abstract = "Critical illness in children is a life changing event for the child, their parents, caregivers and wider family. There is a need to design and evaluate models of care that aim to implement family-centred care to support more positive outcomes for critically ill children and their families. Due to a gap in knowledge on the impact of such models, the present review was conducted. Eligibility criteria: Primary research articles written in English that focused on children hospitalised for an acute, unexpected, sudden critical illness, such as that requiring an intensive care admission; and addressed the implementation of a model of care in a paediatric acute care hospital setting. Sample: Thirteen studies met the inclusion criteria. Results: The models of care implemented were associated with positive changes such as reduced parental anxiety and improved communication between parents/caregivers and health professionals. However, no model provided intervention throughout each phase of care to (or post) hospital discharge. Conclusions: Models of care applying family-centred care principles targeting critically ill children and their families can create positive changes in care delivery for the family. However a model which provides continuity across the span of care is required. Implications: There is need to describe how best to design, implement and sustain models of care for critically ill children and their families. The success of any intervention implementation will be dependent on the comprehensiveness of the strategy for implementation, the relevance to the context and setting, and engagement with key stakeholders.",
keywords = "Families, Family-centred care, Interventions, Models, Parents, Pediatric",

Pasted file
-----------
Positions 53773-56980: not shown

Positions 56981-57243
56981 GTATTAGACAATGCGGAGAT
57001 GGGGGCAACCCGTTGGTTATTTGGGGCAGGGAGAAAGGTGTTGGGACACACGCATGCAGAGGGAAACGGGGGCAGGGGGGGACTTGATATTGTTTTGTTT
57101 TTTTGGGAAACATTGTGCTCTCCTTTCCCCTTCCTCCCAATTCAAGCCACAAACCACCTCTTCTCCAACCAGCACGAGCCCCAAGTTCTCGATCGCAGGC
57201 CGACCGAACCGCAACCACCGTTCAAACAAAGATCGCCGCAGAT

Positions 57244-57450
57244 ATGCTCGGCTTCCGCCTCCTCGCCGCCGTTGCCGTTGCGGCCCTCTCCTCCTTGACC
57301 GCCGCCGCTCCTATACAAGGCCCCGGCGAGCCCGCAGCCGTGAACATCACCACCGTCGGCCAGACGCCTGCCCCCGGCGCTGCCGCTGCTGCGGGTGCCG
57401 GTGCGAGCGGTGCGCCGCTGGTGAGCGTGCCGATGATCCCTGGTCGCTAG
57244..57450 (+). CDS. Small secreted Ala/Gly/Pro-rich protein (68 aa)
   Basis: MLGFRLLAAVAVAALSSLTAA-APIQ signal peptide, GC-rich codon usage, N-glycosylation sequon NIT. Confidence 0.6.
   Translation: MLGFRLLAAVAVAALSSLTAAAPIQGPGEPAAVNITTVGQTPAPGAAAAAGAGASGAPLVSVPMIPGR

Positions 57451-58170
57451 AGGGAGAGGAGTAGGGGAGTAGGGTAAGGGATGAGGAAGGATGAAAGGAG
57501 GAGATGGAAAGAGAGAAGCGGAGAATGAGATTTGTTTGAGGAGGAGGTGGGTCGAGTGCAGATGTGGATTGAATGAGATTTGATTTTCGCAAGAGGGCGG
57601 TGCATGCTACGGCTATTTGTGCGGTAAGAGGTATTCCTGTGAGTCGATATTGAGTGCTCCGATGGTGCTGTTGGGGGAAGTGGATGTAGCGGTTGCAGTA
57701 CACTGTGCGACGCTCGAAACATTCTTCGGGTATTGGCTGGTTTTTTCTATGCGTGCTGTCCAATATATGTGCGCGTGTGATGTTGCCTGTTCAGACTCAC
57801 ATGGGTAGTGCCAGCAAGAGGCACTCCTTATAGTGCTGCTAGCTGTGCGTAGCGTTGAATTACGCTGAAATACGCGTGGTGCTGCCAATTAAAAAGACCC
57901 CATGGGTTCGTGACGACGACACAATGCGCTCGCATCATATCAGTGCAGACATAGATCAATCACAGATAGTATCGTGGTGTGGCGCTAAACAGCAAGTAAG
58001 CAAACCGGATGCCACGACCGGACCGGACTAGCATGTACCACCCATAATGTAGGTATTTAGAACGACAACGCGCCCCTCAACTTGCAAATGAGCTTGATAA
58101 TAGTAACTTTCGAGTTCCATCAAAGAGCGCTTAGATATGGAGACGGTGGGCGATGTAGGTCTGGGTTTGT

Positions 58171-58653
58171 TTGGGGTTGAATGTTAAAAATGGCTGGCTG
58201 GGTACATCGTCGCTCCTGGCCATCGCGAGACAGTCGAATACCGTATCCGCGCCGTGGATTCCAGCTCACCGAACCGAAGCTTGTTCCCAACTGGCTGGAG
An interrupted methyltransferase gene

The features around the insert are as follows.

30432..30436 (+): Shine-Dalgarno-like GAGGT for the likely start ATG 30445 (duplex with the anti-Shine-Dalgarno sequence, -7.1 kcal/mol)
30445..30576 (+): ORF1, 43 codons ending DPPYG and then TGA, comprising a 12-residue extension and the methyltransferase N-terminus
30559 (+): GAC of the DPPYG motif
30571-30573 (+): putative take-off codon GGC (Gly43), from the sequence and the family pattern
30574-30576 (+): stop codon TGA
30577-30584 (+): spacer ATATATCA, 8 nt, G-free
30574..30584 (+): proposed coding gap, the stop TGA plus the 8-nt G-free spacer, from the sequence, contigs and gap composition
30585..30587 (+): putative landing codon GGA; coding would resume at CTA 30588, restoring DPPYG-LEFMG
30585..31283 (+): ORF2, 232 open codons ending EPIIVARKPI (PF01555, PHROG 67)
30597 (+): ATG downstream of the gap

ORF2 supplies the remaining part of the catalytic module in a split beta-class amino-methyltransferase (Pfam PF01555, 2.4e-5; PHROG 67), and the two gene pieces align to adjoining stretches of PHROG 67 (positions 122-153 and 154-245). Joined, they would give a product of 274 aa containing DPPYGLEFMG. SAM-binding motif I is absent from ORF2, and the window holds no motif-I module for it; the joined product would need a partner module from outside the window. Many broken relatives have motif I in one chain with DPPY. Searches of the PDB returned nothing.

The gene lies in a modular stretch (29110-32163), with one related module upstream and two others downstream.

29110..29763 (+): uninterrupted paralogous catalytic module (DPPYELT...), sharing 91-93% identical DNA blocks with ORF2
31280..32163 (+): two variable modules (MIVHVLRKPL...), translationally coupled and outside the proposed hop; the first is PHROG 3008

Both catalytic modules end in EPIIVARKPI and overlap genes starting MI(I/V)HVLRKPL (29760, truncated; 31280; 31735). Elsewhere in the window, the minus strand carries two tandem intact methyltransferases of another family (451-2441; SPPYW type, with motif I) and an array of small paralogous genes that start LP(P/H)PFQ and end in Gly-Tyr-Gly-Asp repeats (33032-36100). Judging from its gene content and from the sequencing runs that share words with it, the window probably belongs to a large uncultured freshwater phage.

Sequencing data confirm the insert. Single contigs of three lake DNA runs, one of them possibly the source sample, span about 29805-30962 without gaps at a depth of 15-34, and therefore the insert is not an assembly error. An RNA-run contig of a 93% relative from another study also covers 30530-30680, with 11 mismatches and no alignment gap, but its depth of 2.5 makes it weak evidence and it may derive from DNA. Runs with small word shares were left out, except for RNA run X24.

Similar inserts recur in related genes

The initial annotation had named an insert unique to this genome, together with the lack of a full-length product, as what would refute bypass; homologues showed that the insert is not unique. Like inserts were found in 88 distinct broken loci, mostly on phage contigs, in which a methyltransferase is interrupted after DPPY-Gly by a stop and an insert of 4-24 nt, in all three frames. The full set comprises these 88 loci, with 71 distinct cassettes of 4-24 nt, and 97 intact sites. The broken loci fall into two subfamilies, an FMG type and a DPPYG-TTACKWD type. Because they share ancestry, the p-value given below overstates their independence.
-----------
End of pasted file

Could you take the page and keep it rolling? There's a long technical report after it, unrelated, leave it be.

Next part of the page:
author = "Kate Curtis and Kim Foster and Rebecca Mitchell and Connie Van",
note = "Copyright the Author(s) 2016. Version archived for private and non-commercial use with the permission of the author/s and according to publisher conditions. For further rights please contact the publisher.",
year = "2016",
month = "5",
day = "1",
doi = "10.1016/j.pedn.2015.11.009",
language = "English",
volume = "31",
pages = "330--341",
journal = "Journal of Pediatric Nursing",
issn = "0882-5963",
publisher = "W.B. Saunders Ltd",
number = "3",

}

Models of Care Delivery for Families of Critically Ill Children : An Integrative Review of International Literature. / Curtis, Kate; Foster, Kim; Mitchell, Rebecca; Van, Connie.

In: Journal of Pediatric Nursing, Vol. 31, No. 3, 01.05.2016, p. 330-341.

Research output: Contribution to journalReview articleResearchpeer-review

TY - JOUR

T1 - Models of Care Delivery for Families of Critically Ill Children

T2 - Journal of Pediatric Nursing

AU - Curtis, Kate

AU - Foster, Kim

AU - Mitchell, Rebecca

AU - Van, Connie

N1 - Copyright the Author(s) 2016. Version archived for private and non-commercial use with the permission of the author/s and according to publisher conditions. For further rights please contact the publisher.

PY - 2016/5/1

Y1 - 2016/5/1